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  Millyard Project
The LEGO® Millyard Project is the largest permanent LEGO® installation at minifigure scale in the world. The installation is in the SEE Science Center. The project represents Manchester's Amoskeag Millyard as it might have looked circa 1900. The Amoskeag Manufacturing Company was commonly recognized as the largest textile manufacturer in the world by 1915. The Amoskeag mill complex spanned over a mile on the east side of the Merrimack River and half a mile on the west side. This model represents a portion of the east side, along with part of downtown Manchester, the city that the Amoskeag company helped to build.

This project marked the first time the LEGO® Company has worked on a creative display of this scale with outside partners. These partners include: the SEE Science Center, FIRST (For Inspiration and Recognition of Science and Technology), CLD Consulting Engineers, and NELUG (the New England LEGO® Users Group). The City of Manchester also sponsored this project. The Manchester Historic Association provided research materials, and awarded SEE with an Historic Preservation Award for the project in 2006.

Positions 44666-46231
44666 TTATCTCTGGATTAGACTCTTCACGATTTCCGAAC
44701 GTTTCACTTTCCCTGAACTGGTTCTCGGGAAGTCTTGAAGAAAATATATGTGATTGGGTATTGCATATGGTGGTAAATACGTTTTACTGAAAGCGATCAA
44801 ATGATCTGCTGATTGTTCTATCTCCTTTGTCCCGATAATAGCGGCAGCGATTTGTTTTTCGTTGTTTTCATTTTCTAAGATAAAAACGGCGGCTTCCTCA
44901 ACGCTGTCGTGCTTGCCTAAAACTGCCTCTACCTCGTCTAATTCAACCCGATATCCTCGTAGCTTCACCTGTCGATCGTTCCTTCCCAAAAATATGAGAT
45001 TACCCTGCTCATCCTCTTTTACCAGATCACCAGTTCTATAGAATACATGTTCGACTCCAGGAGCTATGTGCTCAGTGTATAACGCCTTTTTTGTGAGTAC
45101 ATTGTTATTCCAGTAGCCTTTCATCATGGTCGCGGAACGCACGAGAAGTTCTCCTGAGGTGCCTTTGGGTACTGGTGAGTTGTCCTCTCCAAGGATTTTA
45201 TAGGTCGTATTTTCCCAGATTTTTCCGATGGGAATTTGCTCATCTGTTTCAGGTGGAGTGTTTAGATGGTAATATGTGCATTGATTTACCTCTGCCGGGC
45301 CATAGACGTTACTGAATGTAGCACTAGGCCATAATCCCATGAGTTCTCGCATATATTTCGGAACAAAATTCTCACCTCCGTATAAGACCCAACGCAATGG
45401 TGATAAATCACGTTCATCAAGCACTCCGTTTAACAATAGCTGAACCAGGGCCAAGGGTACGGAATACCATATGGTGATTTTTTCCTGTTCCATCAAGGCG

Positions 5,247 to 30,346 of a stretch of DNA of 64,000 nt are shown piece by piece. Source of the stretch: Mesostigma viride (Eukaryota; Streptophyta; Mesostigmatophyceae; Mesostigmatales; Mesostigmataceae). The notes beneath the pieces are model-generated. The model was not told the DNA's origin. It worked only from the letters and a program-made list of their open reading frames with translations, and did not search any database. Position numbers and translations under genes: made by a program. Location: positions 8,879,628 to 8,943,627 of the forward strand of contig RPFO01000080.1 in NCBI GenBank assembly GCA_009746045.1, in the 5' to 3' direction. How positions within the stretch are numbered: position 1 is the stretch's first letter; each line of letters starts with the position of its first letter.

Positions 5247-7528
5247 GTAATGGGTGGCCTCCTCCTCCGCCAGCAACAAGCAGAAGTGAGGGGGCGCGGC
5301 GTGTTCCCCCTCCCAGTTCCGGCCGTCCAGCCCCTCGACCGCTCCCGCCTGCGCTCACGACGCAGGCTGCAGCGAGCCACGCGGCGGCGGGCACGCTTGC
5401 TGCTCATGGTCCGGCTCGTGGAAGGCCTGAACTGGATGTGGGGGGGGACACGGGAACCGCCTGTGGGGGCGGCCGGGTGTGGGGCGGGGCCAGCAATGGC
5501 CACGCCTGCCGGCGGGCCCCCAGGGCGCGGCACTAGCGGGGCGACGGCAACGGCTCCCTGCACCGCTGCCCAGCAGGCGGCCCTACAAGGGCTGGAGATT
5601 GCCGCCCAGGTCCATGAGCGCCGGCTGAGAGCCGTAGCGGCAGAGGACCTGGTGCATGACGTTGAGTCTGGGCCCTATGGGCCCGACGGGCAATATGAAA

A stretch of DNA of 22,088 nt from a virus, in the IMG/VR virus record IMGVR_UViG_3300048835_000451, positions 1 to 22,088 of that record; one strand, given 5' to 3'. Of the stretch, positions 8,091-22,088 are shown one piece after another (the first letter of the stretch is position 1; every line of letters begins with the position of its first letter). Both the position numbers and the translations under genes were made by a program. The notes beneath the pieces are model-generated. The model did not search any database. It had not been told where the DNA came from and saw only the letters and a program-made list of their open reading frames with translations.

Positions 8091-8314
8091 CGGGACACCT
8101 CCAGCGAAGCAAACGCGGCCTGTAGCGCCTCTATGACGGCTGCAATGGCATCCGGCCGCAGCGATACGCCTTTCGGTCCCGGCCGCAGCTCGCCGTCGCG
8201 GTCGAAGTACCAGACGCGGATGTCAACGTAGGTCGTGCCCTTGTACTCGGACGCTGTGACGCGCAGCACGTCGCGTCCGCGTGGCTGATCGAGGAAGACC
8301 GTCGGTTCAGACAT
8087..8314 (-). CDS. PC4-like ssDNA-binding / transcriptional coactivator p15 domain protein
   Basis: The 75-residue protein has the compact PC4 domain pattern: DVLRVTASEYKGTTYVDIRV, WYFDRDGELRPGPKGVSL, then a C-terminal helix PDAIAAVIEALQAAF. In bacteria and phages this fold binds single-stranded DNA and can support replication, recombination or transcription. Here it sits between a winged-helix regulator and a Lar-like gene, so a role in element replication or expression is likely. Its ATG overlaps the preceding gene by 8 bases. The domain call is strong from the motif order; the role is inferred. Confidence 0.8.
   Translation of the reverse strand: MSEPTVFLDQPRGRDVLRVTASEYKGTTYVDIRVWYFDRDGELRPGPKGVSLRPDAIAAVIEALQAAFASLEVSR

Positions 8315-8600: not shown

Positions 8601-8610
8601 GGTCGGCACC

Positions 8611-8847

Here a link to an article written about this amazing project:
"LEGO Millyard Spruce-Up" by Michael Ripley. ( From Issue 7 of BrickJournal, a magazine that spotlights the many aspects of the LEGO Community.)

FAST FACTS

  • The project was built at a scale of approximately 55:1, called minifigure scale, which means to match the proportions of the LEGO® minifigure people.
  • This project was built with approximately three million LEGO® bricks. By comparison, the Jefferson Mill, built in 1886, was built with an estimated five million bricks.
  • The project has approximately 8,000 minifigures. Amoskeag once employed as many as 17,000 people.
  • This project was built in phases between October 2004 and November 2006. It took more than 10,000 'person' hours to complete the project. The Amoskeag Company built all of the mill buildings between 1838 and 1915.
  • All of the LEGO® bricks used here were once in sets available to the public. No pieces were custom made.
  • If all the LEGO® bricks used in this project were lined up end to end, they would reach from the SEE Science Center to the Museum of Science in Boston and back. At its peak, Amoskeag produced enough cloth to reach from Manchester NH to Pittsburgh Pennsylvania each day.

Click on images to enlarge and start slide show.

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